The search has begun for Bryce to hunt down the espers who’ve infiltrated Union lines. Within the time spent hunting is a perfect opportunity to plan for what comes next for the company.

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The vlaxons, what a cruel hand that fate dealt them. A race born out of greed and malice for the lesser man. Not only enslaved but mutated beyond recognition of their former selves. Even with this unethical and horrific demonstration of magic’s use there were those who praised the creation of the race and did not question it and even hindered any opposition! One of the most profound writers to protect the creator Paxton Yul was none other then the scholar Gaston Stell! A truly despicable man who cared not for the other races that inhabit Coronam. It’s men like Gaston Stell and the generations that followed his lead who have left the vlaxon, who are already burdened by their fur coats, to continue to be weighed down by the collar of slavery. Only through this war have vlaxons earned any semblance of freedom, the cost of which has been paid in their blood. A cost that may end up becoming too great to be paid.

-Professor Fen, A Study into the Past

The small village sat between a hill and a large grouping of trees. A river ran through part of the village, with a watermill sitting along the bank. The few citizens outside of their house looked on nervously at the soldiers marching from building to building in search of any gamayuns.

The once well-maintained buildings were now torn and poorly rebuilt from stray bombs that had landed over the years. Heavy gray clouds above which promised a storm later in the night only added to the depressive mood of the ill-kept village. The only life that kept any form of spirit was the nearby alcove of trees, the flowers blooming beyond the roots to give a colorful yellow display that swayed with the wind of the Glodan plains.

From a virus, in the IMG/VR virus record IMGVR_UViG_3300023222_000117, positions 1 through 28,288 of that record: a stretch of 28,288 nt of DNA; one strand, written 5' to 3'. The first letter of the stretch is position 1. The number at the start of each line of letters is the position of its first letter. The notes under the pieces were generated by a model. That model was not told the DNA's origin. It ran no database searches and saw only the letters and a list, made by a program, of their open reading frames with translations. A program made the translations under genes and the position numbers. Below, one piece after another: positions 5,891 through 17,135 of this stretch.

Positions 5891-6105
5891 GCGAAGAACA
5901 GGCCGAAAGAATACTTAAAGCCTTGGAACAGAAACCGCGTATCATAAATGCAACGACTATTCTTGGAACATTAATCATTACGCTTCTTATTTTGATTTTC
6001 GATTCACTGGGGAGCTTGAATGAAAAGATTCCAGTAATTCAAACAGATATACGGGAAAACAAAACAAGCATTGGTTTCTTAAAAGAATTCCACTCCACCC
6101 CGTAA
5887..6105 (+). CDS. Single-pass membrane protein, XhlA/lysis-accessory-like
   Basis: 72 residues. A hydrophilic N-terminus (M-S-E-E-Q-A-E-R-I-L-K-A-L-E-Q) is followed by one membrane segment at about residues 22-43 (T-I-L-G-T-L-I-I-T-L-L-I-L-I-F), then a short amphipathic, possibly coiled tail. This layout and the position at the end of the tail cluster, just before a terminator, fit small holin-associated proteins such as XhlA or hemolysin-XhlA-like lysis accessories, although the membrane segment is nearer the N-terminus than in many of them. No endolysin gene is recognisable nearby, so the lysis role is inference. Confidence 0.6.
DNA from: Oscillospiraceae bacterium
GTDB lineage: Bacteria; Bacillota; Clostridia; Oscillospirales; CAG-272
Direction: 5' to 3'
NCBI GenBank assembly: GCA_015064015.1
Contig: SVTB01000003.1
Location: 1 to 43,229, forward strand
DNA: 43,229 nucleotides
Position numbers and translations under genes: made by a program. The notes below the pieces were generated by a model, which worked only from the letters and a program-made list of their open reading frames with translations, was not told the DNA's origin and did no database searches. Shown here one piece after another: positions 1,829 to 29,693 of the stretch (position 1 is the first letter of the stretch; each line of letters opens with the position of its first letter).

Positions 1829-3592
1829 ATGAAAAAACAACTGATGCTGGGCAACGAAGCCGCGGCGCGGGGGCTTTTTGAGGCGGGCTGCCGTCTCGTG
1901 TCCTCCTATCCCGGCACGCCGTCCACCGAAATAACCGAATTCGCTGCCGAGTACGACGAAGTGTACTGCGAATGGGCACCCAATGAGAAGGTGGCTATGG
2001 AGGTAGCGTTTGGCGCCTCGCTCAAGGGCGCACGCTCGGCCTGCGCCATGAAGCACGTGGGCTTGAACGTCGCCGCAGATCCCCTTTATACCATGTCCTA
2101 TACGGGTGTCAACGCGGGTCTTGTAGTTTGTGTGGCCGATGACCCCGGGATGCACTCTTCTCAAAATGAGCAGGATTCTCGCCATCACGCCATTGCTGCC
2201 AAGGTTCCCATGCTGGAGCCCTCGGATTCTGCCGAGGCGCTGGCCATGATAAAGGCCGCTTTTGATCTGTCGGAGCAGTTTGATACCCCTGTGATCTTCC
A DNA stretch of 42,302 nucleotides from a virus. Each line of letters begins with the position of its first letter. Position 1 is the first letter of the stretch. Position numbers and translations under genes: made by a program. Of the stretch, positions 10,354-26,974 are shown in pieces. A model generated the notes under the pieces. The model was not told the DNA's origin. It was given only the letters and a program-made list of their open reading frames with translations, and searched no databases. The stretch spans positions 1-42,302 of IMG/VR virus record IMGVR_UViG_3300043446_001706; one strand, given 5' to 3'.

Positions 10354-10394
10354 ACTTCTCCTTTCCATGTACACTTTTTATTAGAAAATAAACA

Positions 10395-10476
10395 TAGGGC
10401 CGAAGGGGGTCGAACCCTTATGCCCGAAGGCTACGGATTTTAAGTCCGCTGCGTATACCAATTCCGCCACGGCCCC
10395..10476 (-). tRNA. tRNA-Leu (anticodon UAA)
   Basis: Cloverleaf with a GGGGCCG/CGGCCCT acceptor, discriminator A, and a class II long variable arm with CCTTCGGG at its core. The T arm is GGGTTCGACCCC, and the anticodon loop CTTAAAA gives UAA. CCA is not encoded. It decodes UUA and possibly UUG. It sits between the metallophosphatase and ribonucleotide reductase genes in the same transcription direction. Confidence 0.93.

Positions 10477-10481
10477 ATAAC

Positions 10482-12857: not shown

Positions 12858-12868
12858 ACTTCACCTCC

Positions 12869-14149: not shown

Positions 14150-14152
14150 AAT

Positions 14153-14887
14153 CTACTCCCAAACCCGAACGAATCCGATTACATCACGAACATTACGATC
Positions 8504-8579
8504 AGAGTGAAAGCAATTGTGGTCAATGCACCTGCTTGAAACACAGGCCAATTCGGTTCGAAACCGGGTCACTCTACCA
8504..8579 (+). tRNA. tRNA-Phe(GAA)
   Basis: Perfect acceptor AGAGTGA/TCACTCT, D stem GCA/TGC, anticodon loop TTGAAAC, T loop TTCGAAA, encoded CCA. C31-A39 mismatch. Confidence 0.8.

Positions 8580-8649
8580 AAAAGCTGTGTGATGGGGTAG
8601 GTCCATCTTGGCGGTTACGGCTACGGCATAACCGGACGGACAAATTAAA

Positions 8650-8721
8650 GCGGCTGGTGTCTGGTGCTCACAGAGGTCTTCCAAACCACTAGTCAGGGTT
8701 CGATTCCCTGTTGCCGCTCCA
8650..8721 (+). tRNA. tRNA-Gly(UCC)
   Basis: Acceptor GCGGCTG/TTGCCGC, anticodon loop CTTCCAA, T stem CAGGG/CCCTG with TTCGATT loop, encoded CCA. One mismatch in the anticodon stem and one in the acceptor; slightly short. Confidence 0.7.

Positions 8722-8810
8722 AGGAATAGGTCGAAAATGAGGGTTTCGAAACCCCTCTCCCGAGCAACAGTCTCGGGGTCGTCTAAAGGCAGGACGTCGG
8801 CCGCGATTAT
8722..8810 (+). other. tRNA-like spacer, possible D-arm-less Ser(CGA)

“Nothing found,” Darke said.

Bryce looked down to see Darke on his right as the young boy studied the village with an intense gaze. The violet uniform shimmered in the setting sun’s gaze. “We can’t expect to find the gamayuns with the very first village,” Bryce replied and looked back to the village. He tightened his coat around his body, the vantage point of the hill starting to lose its charm as the wind grew fiercer, bringing with it a growing night chill.

“Correct. How long shall we seek them?”

“I haven’t given it a thought.” Bryce crossed his arms.


“Because we’ve just begun the search. I can’t possibly give up so quickly.”

“Quil approved of following Randalk’s orders, but why do we follow them?”

“We have to earn the warmachine, why else?” Bryce grumbled.

“The soul is in our possession; we should move on.”

“And what about our reputation with other acolytes, Darke?” Bryce looked back down at the boy. “If we ignore Randalk while under his command, he’ll scare other acolytes away from accepting us.”

“Reputation? What hold does it have on the company?”

Bryce opened his mouth then paused and shook his head. “I should not be surprised that someone who is dead has no understanding of reputation.”

“Dead? I merely walk the magical realm; I am perfectly alive.”

“You might as well be dead.”

“I disagree.”

“Of course.” Bryce spotted a group of his company soldiers led by Brashmar leaving the town towards the small campsite outside the village.

“Whatever you may think, Riel and I were summoned to follow a Lead’s cause towards a specific goal. We hope our time is not wasted on maintaining reputation.”

“It won’t be, I promise.” Bryce began to walk down the short hill towards his company’s camp. “Just stick around and you’ll see.”

“Our commitment is still sound, you need not worry.” Darke kept up with Bryce, even with his shorter stature, seeming to float along the grass. “Do you still keep your resolve? Do you fight for the true Yenvark?”

“I will remove Minister Calhounvel by force if I must.” Bryce gloved hands tightened into fists, the leather creaking.

“And so Yenvark will continue to bless your path. Though I wonder how you shall fare as the challenges grow.”

“What do you mean?” Bryce neared the camp, the booming voice of Brashmar drifting on the wind. Several campfires grew to life, encircled by the five trucks and armored car that made up the two company’s caravan.

“You lost one in the trenches and it pained you so. Will you maintain your resolve as you lose more?”

Bryce reared on Darke with a growl. “You overstep your boundaries.”

“I ask what must be asked.”

He stared into the dark eyes of the boy, trying to discern any sense of emotion but he found nothing. With a deep exhale, Bryce straightened himself and continued his way down the hill. “I’ll have my revenge and dethrone that traitor.”

“We all look forward to that day, a true shame that the end seems so painfully far.”